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 HIV Drugs and

Kidney Failure, Bone Loss

Lawsuits allege certain HIV drugs may cause bone loss and kidney damage. The medicines that contain tenofovir include Truvada, Viread, Atripla, Complera and Stribild. Plaintiffs who developed bone loss, osteopenia and osteoporosis of the spine, neck and hip, allege that manufacturer, Gilead Sciences,  intentionally delayed developing a safer version of the HIV medicine to profit from its lucrative monopoly.

The complaints allege that manufacturer and it’s executives knew as early as 2000 that the company’s own scientists had developed a less toxic form of tenofovir, but hid it in order to rake in billions of dollars as the world’s most prescribed medicines for HIV. The HIV patients claim they suffered from as many as 10 years of “additional accumulated kidney and bone toxicity” using the drug as the company kept the safer version on a shelf in its lab.

History of the HIV Drugs

In the 1980s, the drug was discovered by European scientists. Gilead, a small biotech firm, bought the rights to sell the drug and in 1997, the company showed that it fought HIV. However, the high doses carried side effect not disclosed on the label. In April 2001, the scientists published research on a different chemical version of the medicine called tenofovir alafenamide fumarate, or TAF, thought to be less toxic.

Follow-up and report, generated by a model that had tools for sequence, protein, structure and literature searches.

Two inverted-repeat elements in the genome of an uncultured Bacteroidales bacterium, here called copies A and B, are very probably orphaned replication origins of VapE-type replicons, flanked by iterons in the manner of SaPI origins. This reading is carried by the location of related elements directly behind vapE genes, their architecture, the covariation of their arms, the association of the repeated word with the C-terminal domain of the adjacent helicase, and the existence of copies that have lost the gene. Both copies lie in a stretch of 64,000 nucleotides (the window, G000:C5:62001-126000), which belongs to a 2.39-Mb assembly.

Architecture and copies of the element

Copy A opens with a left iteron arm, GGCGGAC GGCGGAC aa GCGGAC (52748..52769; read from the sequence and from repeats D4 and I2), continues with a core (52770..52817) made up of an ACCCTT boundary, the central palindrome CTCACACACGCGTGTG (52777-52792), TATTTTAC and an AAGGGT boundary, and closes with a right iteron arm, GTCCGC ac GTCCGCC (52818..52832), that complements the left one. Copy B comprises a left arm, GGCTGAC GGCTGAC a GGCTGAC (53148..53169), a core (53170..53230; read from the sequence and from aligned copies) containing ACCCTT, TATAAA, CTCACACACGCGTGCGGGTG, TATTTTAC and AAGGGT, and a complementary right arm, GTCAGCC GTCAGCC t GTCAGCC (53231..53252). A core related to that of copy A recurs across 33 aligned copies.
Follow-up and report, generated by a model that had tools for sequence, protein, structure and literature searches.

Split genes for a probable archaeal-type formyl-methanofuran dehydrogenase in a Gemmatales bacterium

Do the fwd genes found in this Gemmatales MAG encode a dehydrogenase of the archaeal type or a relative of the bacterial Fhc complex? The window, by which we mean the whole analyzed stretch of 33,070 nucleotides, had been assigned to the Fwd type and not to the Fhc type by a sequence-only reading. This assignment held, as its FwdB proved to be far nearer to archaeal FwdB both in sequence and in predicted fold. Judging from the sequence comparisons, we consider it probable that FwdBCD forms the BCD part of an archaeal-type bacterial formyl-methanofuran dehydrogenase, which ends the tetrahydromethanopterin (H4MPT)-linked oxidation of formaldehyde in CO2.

Gilead then paid doctors across the country to give TAF to patients in small clinical trials. The positive results of those studies were not published for years. Instead, in October 2004, Gilead abruptly announced that it was ending research on TAF and it continued to pour money into selling the older drug, which was bringing in billions of dollars each year. In November 2015, the FDA approved TAF in a combination pill with three other medicines. The drug was called Genvoya. Other new pills also containing TAF include Odefsey and Descovy.

The lawsuits claim that Gilead delayed the development of TAF in order to extend the number of years where patents shielded the medicines from competition, allowing it to charge high prices. “By holding on to its research and shelving TAF, Gilead could patent TAF separately and save it for development when their patent and exclusivity on TDF ran out, in 20 years,” the lawsuit claims.

Do not stop taking a drug unless you receive medical advice first. Contact us if you need additional information about this litigation at 1-800-814-4540.

 

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